Some audiences enjoyed films from outside the
Hollywood mainstream. Studios distributed films from
Europe, not just quickly made costume pictures such as
Hercules (1957), but also ambitious, polished efforts
such as Zorba the Greek (1965). British imports were
22.1 Easy Rider: the long lens minimizes
the space between distant and closer
particularly successful. The erotic period comedy Tom
Jones (1963) and the edgy drama Alfie (1966), which
traded on the fashionable “swinging London” image,
proved popular (p. 408), as did the Beatles films.
Modifying the Classical Studio Style
Most Hollywood products of the early 1960s had a glossy
studio look, but some filmmakers broke with this style. The
Pawnbroker (1965) and other New York–­based films offered
a harsh, ethnically inflected realism. Location filming
became more frequent, even within cramped bars and apartments. Long-­focal-length lenses, which acted as a telescope
in enlarging a small area, allowed the cameraman to film
from a safe distance on an urban location. The long lens
became fashionable; it tended to flatten the shot’s space and
produce soft, blurry contours (22.1). In 1962, Arthur Penn’s
black-­and-white The Miracle Worker employed sharp deep
focus and crisp lighting (22.2), but five years later the much
flatter imagery in his color Bonnie and Clyde (22.3) resulted
from extremely long lenses. By the late 1960s, long lenses
were used for most medium shots and close views, whether
filmed on location or in studio sets.
During this period, directors abandoned the long-­take
aesthetic of the postwar years and experimented with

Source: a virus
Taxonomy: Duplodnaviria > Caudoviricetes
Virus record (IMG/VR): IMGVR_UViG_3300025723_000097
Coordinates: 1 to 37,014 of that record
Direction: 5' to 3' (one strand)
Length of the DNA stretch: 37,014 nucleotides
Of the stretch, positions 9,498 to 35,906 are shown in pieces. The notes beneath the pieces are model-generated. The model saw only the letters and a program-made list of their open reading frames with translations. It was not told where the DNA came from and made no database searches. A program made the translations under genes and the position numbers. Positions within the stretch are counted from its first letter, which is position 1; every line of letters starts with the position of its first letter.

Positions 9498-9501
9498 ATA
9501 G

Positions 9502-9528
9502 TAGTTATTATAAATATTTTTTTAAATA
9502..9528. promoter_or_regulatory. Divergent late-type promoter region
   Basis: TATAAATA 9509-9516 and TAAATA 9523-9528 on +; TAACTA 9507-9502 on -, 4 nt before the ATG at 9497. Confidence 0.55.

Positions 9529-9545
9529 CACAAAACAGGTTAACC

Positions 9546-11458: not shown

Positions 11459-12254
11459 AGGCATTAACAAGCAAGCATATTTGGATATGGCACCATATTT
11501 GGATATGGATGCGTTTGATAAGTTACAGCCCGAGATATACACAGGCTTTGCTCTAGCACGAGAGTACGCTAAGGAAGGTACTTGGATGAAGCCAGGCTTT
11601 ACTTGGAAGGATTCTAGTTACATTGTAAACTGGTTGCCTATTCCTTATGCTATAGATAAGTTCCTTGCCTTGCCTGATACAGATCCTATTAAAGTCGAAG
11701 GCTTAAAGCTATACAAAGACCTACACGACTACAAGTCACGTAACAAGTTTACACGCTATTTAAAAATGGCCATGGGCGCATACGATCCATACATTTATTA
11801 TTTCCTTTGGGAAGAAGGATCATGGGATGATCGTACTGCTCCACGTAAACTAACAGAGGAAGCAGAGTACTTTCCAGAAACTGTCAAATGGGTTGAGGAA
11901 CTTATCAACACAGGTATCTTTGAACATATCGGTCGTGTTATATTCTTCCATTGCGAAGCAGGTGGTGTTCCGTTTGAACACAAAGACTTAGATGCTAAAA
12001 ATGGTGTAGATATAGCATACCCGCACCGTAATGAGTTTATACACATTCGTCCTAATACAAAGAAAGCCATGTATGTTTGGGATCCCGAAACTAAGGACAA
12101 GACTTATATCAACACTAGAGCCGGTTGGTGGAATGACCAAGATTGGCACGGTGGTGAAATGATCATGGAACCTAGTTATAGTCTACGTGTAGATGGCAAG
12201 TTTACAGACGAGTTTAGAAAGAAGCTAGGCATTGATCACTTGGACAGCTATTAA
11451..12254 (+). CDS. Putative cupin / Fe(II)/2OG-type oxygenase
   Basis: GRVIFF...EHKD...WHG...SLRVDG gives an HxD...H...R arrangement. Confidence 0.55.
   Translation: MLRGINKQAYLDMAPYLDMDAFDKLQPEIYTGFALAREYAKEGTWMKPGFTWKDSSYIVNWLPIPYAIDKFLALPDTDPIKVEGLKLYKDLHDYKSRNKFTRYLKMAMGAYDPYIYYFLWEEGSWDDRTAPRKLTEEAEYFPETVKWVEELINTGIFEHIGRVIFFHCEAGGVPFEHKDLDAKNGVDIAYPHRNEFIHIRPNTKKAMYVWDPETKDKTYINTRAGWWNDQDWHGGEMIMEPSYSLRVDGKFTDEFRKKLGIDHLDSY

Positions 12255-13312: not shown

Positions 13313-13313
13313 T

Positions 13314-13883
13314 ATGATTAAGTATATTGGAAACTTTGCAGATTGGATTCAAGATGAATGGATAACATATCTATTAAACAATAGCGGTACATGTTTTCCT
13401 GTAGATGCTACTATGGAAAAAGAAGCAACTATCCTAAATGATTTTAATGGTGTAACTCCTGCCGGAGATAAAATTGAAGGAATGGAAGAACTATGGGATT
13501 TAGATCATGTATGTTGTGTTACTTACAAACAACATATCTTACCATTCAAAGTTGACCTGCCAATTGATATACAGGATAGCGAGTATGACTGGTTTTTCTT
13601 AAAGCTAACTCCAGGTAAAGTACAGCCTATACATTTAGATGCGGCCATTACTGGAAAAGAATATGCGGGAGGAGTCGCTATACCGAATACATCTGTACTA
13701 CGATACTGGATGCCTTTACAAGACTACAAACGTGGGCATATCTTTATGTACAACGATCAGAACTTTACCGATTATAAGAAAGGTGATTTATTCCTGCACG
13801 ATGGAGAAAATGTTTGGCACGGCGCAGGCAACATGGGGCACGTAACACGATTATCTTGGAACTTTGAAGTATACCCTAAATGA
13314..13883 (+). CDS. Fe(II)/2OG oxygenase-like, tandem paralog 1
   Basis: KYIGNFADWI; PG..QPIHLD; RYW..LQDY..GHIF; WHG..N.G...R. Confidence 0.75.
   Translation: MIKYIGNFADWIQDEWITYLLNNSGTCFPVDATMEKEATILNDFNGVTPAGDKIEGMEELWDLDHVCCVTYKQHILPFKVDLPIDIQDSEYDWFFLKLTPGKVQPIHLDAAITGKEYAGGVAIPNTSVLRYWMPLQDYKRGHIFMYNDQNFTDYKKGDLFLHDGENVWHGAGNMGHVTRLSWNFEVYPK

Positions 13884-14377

faster, flashier editing. Richard Lester’s A Hard Day’s Night
22.2 The Miracle Worker: deep focus
and the wide-­angle lens.
22.3 Bonnie and Clyde: during the final
shoot-­out, Clyde Barrow’s dying descent
is filmed with a long lens, which softens
focus and flattens space.
22.4, left Discontinuity in A Hard
Day’s Night: as “Can’t Buy Me Love”
plays on the sound track, Lester shows
the Beatles romping in a soccer field . . .
22.5, right . . . and immediately cuts to
them relaxing (A Hard Day’s Night).
The 1960s: The Film Industry in Recession
(1964) and Help! (1965) fractured the Beatles’ musical
numbers into discontinuous shots (22.4, 22.5). Lester’s
zany technique derived from the French New Wave, TV
commercials, and British eccentric comedy. He pushed
fast cutting further in A Funny Thing Happened on the Way
to the Forum (1966). Other directors accelerated the pace:
Robert Aldrich’s The Dirty Dozen (1967) averaged
3.5 ­seconds per shot.
Lester created a vogue for wordless scenes, often montage sequences, backed by pop songs. The most famous
example is probably Simon and Garfunkel’s vocals in The
Graduate (1967), which comment on the hero’s indifference. With the “Raindrops Keep Fallin’ on My Head”
scene in Butch Cassidy and the Sundance Kid (1969), the
integration of full-­length songs into scenes became a staple
of American cinema. Film studios affiliated with music
companies could cross-­plug movies and recordings, making
the sound-­track album a source of profit.
Lester’s eye-­catching techniques were applied to volatile content by Arthur Penn in Bonnie and Clyde. With
an average shot length of less than four seconds, the film
also popularized the use of slow motion to render